But few people have forgotten how the new Syriza-led government in Greece, just days after it was elected in January, denounced European Union sanctions against Russia over Ukraine. The move took European Union leaders by surprise and threatened to upend Europe’s policy toward Moscow. Facing pressure, Athens quickly reversed its position and joined other countries in a unanimous vote to continue sanctions for Russia.
Still, some officials in Brussels saw Greece’s flip-flop as a bargaining ploy to win concessions from European Union creditors over the terms of Greece’s bailout package. Athens has also talked of turning to China for help if need be.
On Friday, Deputy Prime Minister Yiannis Dragasakis met with Vice Premier Ma Kai in Beijing, where both men pledged to strengthen ties between the countries. Mr. Dragasakis also assured Beijing that the Chinese state-run shipping company Cosco could move ahead with a tender for a 67.7 percent stake in Greece’s Piraeus Port Authority, one of the most strategic ports in southern Europe.
Even if Greece were eventually to seek financial assistance from Moscow, Russia’s economy is under pressure amid a collapse in oil prices and the lengthy conflict in Ukraine. It is expected to contract by at least 4 percent this year. While the ruble has been rising in recent days — and the sense that the Kremlin may be getting things under control is increasing — Russia may think twice if Mr. Tsipras were to seek large sums of financial aid, especially if loans risked not being repaid any time in the foreseeable future.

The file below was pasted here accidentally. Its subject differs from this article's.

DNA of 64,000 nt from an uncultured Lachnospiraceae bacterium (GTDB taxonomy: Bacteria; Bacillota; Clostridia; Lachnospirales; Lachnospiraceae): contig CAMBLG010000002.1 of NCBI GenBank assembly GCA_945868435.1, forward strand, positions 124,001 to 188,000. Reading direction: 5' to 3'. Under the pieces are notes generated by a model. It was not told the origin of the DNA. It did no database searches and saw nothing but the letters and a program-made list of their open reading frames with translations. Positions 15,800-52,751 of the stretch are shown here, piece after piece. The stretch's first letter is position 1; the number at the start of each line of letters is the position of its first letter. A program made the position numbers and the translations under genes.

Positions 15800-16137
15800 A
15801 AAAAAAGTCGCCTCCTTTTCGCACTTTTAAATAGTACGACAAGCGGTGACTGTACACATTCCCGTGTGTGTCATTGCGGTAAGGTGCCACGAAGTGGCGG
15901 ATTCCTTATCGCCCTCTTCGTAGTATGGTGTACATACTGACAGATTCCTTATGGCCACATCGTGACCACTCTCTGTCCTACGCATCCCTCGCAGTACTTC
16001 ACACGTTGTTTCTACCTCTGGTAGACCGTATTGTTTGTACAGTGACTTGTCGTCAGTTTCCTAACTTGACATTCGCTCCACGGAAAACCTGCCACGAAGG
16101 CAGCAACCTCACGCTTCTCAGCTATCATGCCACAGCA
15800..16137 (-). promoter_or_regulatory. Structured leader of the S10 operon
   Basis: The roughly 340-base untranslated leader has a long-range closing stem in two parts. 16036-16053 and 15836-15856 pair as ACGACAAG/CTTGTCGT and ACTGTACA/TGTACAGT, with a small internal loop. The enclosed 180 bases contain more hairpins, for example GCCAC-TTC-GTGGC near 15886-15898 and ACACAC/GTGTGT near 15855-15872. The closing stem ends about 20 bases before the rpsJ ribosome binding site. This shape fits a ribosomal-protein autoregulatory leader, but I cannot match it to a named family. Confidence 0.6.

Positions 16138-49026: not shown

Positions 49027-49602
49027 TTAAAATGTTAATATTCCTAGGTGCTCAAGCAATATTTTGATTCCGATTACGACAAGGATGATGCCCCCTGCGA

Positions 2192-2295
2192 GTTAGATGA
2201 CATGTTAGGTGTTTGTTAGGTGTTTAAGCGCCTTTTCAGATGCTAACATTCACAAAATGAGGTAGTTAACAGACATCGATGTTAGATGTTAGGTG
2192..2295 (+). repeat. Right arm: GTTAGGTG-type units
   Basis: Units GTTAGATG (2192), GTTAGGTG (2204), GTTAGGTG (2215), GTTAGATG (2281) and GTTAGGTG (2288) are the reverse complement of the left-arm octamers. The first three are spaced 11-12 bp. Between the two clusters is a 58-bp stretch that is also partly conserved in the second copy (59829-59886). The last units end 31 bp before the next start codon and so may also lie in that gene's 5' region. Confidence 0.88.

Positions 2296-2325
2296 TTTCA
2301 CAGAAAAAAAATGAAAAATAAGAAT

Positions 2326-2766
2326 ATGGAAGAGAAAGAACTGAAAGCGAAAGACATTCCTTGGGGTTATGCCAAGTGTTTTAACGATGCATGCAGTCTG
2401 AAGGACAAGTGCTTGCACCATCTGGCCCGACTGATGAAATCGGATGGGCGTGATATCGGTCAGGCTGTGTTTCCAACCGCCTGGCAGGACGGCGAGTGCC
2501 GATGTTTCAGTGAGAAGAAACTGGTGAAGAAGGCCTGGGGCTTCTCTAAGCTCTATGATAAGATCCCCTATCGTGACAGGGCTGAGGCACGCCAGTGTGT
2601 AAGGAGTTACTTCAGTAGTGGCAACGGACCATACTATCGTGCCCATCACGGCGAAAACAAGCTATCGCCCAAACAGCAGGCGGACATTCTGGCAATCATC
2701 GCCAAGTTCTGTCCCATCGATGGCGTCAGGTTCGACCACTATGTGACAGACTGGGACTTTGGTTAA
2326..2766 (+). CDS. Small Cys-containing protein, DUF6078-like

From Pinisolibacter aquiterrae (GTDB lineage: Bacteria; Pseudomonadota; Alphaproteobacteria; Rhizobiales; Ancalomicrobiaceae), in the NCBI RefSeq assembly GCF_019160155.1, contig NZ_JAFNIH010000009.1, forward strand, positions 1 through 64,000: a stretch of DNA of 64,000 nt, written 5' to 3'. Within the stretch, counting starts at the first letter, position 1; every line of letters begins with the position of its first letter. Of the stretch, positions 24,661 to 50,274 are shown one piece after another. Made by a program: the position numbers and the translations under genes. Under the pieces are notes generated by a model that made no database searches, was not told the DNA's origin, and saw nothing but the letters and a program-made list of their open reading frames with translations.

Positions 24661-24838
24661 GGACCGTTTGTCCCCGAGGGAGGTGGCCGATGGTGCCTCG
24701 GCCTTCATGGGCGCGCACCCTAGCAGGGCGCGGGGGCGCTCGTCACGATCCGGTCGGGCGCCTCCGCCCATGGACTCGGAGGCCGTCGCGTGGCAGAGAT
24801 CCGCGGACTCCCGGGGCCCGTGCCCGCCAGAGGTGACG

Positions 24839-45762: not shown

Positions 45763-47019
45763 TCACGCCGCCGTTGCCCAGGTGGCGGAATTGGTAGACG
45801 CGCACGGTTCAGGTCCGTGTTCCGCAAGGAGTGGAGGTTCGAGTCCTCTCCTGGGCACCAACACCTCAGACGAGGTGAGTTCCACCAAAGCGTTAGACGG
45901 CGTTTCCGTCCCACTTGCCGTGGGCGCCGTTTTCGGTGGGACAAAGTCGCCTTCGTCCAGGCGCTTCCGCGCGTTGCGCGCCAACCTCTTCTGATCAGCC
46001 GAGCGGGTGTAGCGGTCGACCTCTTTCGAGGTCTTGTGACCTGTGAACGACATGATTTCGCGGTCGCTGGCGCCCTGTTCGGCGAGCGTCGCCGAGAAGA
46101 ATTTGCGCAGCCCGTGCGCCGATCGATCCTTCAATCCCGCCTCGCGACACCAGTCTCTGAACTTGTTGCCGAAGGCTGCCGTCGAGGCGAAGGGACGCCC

“Moscow could provide a little bit of funding to tide over the Greeks,” Mr. Tilford said. “But it is not in a position to provide the kind of money that Greece would need to stay in the eurozone.”
Greece’s European partners have suggested Athens may need to apply for a third bailout this summer, before an additional €7 billion worth of debts to the I.M.F. and the European Central Bank come due. Any new package could be in the tens of billions of euros, and would most certainly hinge on a string of harsh conditions that Greece would rather avoid.
In the meantime, the haggling between Athens and Brussels continues. Greece and its creditors were expected to discuss the latest reforms on Wednesday, although no conclusion is expected during the Easter holiday on whether they will be sufficient to unlock cash.Correction: March 31, 2015
An earlier version of this article misstated the date on which Greece will have to pay about €450 million owed to the International Monetary Fund. It is April 9, the day after Prime Minister Alexis Tsipras visits Moscow, not April 7, the day before.
– The Reason Why The Eurogroup Rushed To Approve The Greek Reform Package? (You can’t make this stuff up!)
‘Change’ has finally arrived in Greece …